- Somewhat smaller than GF1
- Full HD video
- Functional, fluid touch LCD
- Disappointing battery life
- Costs as much as DSLR
- High ISO performance could be improved
The new GF2 adds an intuitive touch screen and a more svelte form factor. High ISO performance isn't on par with the best DSLRs, though overall images were very good.
After partnering with Olympus on the development of the Micro Four Thirds System standard (an offshoot of the Kodak/Olympus Four Thirds System), Panasonic followed Olympus into the mirrorless/interchangeable lens class of compact digital cameras with 2009’s Lumix DMC-GF1. The new genre of camera mated physically larger, more DSLR-like sensors into bodies resembling a large compact point and shoot, with the ability to change lenses like a DSLR while eliminating its bulky mirror assembly.
Since then, Samsung and Sony have joined the club, and barring some unforeseen event Nikon is expected to enter the market niche as well. But while Nikon (and presumably Canon) haven’t made their presence known yet, Panasonic is back at the table with the Lumix GF2, a slightly more compact and lighter model that at a quick glance can easily be mistaken for the GF1 which still appears on Panasonic USA’s website at this writing. Scheduled to reach market in January 2011, the GF2 is available in kit form with either a 14mm f/2.5 prime lens or a 14-42mm stabilized zoom; the former is our review unit.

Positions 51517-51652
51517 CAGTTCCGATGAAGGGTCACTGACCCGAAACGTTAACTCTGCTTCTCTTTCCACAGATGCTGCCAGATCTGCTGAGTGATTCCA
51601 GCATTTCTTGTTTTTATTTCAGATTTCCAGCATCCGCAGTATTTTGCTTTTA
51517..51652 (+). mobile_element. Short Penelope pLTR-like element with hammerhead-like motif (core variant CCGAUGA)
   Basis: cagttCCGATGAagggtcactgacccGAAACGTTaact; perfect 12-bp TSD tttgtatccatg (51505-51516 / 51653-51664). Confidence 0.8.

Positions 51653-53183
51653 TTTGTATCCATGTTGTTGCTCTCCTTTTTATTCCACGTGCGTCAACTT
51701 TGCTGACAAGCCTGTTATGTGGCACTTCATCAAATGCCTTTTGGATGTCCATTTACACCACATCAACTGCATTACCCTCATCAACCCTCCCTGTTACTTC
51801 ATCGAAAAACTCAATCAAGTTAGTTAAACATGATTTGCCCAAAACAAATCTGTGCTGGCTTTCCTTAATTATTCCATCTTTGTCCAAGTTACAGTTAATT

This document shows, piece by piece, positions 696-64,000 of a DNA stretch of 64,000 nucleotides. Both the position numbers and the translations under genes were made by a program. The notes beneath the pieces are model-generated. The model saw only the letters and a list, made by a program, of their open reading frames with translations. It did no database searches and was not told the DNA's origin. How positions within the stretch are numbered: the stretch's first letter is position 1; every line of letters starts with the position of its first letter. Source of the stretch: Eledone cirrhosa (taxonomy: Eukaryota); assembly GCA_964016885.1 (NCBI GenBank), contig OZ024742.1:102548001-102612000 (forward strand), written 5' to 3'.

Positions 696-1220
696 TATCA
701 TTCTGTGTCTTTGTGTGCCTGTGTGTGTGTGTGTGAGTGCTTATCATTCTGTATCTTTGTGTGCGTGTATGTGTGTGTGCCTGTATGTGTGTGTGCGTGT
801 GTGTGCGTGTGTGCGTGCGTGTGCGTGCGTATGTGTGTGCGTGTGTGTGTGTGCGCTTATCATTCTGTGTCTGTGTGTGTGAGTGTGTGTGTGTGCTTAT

Here’s the field of view afforded by the 14mm.
Panasonic touts the new camera as being 19% smaller and 7% lighter than the GF1, and this amounts to about a 1/4 inch reduction in width, and about half that in height and depth. Weight savings (body only) equal about an ounce. Panasonic advertised the GF1 as the smallest and lightest camera of its type in the world at the time of its introduction; that title has now passed to the GF2.
The GF2 offers some modest upgrades over the GF1 – notably a 1080 HD video capability in the AVCHD format, touch control and a new user interface, and the ability to make use of Panasonic’s new 3D lens, a 12mm f/12 wide angle. A Venus Engine FHD processing system takes over for the Venus Engine HD of the earlier camera and adds a stop on the high end of the ISO sensitivity range, now covering 100 to 6400. Scene modes and color presets increase by one (to 17 and 8, respectively).
Other features such as Panasonic’s signature iA (intelligent Auto) automatic shooting mode, and 1 area, 23 area, face detection or auto tracking autofocus options are carried over. Resolution remains at 12.1 megapixels on the same physical-sized sensor (17.3 x 13mm) as the top Olympus DSLR, the E-5. There is no internal memory but the camera accepts SD/SDHC/SDXC memory media. Panasonic includes lens and body caps, a lithium-ion battery and charger, AV and USB cables, hot shoe cover, shoulder strap, battery case and stylus pen with each camera.
A lot that’s familiar, a few things that aren’t – let’s see what the changes bring to what was a very nice starting point for Panasonic with the GF1.